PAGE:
About Science Museum Group touring exhibitions
Superbugs and other inspiring exhibitions from across the Science Museum Group are available to hire and display at venues around the world. For further information visit: group.sciencemuseum.org.uk/our-services/partner-with-us/touring-exhibitions.

About the National Council of Science Museums
National Council of Science Museums (NCSM), a premiere institution in the field of science communication, is an autonomous organization under the Ministry of Culture, Government of India with its headquarters in Kolkata. Reaching 15 million visitors annually, NCSM is a national and international leader in popularizing science and technology, primarily through its science centres, Mobile Science Exhibitions (MSE) units that visit rural schools, and wide-ranging public engagement activities, particularly for students. NCSM administers and manages the world’s largest network of science centres, with 25 science museums/centres spread across India. The centres include 24 Innovation Hubs, with 26 more under development, providing expert guidance and professional lab equipment facilities reaching 10,000 students annually to nurture creativity, innovation and engagement in science. www.ncsm.gov.in

About Guandong Science Center in Guangzhou
Guangdong Science Center (GDSC) has reached 16 million visitors since opening in 2008. GDSC is a large comprehensive science museum focusing on its four functions of popular science education: showcasing science and technology achievements; academic exchange and science touring; serving as a major venue for science education in China and Asia and representing national “Green Architecture”. GDSC has 12 permanent exhibition halls with over 480 exhibits and an outdoor Exploration Park featuring a lake and more than 60 classic science exhibits integrating nature, science and art. http://www.gcsc.cn      

About Wellcome
Wellcome exists to improve health for everyone by helping great ideas to thrive.  We're a global charitable foundation, both politically and financially independent. We support scientists and researchers, take on big problems, fuel imaginations and spark debate. www.wellcome.ac.uk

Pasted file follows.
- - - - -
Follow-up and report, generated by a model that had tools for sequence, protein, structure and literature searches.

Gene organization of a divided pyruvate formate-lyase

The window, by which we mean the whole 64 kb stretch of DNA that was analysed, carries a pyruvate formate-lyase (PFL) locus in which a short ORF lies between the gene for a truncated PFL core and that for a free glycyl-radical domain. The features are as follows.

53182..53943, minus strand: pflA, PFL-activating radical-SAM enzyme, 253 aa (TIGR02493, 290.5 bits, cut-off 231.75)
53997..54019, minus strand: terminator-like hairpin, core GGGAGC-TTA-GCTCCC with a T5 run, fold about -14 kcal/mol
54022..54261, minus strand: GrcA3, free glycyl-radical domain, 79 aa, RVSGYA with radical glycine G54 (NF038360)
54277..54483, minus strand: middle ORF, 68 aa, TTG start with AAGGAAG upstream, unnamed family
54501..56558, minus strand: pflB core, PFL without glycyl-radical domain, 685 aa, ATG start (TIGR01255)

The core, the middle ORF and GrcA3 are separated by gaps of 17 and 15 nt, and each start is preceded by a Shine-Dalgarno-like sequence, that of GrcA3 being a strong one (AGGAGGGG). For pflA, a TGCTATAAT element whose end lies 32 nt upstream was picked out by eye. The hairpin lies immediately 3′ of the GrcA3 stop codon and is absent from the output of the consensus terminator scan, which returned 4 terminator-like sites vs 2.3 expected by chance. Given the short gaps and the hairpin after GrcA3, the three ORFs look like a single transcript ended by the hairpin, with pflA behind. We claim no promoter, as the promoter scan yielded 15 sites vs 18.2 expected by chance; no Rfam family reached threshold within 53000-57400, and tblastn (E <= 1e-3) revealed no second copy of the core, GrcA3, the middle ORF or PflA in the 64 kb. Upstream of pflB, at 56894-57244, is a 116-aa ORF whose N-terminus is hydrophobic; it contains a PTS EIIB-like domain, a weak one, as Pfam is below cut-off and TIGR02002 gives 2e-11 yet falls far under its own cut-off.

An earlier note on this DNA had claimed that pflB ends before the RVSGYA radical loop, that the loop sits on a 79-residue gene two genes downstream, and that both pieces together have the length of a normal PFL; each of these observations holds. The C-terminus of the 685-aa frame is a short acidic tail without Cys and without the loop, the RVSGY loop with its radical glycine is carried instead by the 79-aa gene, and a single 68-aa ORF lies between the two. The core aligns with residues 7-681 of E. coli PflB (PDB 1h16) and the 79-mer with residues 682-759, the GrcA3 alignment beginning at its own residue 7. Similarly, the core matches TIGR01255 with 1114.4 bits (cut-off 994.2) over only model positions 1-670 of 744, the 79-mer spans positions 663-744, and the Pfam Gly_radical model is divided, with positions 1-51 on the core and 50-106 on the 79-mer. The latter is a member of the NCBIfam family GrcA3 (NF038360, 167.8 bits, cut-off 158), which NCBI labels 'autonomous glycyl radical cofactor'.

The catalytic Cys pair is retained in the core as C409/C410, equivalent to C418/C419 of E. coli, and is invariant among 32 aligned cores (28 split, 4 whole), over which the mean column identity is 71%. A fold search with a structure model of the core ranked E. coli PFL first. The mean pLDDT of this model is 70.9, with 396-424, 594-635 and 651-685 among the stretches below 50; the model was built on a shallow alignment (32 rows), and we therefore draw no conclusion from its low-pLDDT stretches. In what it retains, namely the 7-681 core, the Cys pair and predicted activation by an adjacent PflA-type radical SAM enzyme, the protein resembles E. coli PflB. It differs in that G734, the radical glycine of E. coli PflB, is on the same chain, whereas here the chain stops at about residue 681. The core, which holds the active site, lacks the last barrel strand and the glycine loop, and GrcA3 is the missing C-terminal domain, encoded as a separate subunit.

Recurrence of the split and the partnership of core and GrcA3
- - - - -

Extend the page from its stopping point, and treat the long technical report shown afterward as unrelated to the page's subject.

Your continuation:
About the British Council in India
The British Council is the UK’s international organisation for cultural relations and educational opportunities. We work with over 100 countries in the fields of arts and culture, English language, education and civil society. Last year we reached over 75 million people directly and 758 million people overall including online, broadcasts and publications. We make a positive contribution to the countries we work with – changing lives by creating opportunities, building connections and engendering trust. Founded in 1934 we are a UK charity governed by Royal Charter and a UK public body. We receive 15 per cent core funding grant from the UK government. The British Council has been working with India since 1948.In 2018 we are marking the 70th  anniversary with a series of events celebrating cultural relations and exchange between the UK and India. www.britishcouncil.org

About the BEIS Rutherford Fund
The Rutherford Fund, a £117 million fund by the Department for Business, Energy and Industrial Strategy, was established in 2017 to attract highly skilled researchers to the UK. The Rutherford Fund deepens international engagement and encourages skills exchanges with all countries including emerging international research powerhouses such as India, China, Brazil and Mexico.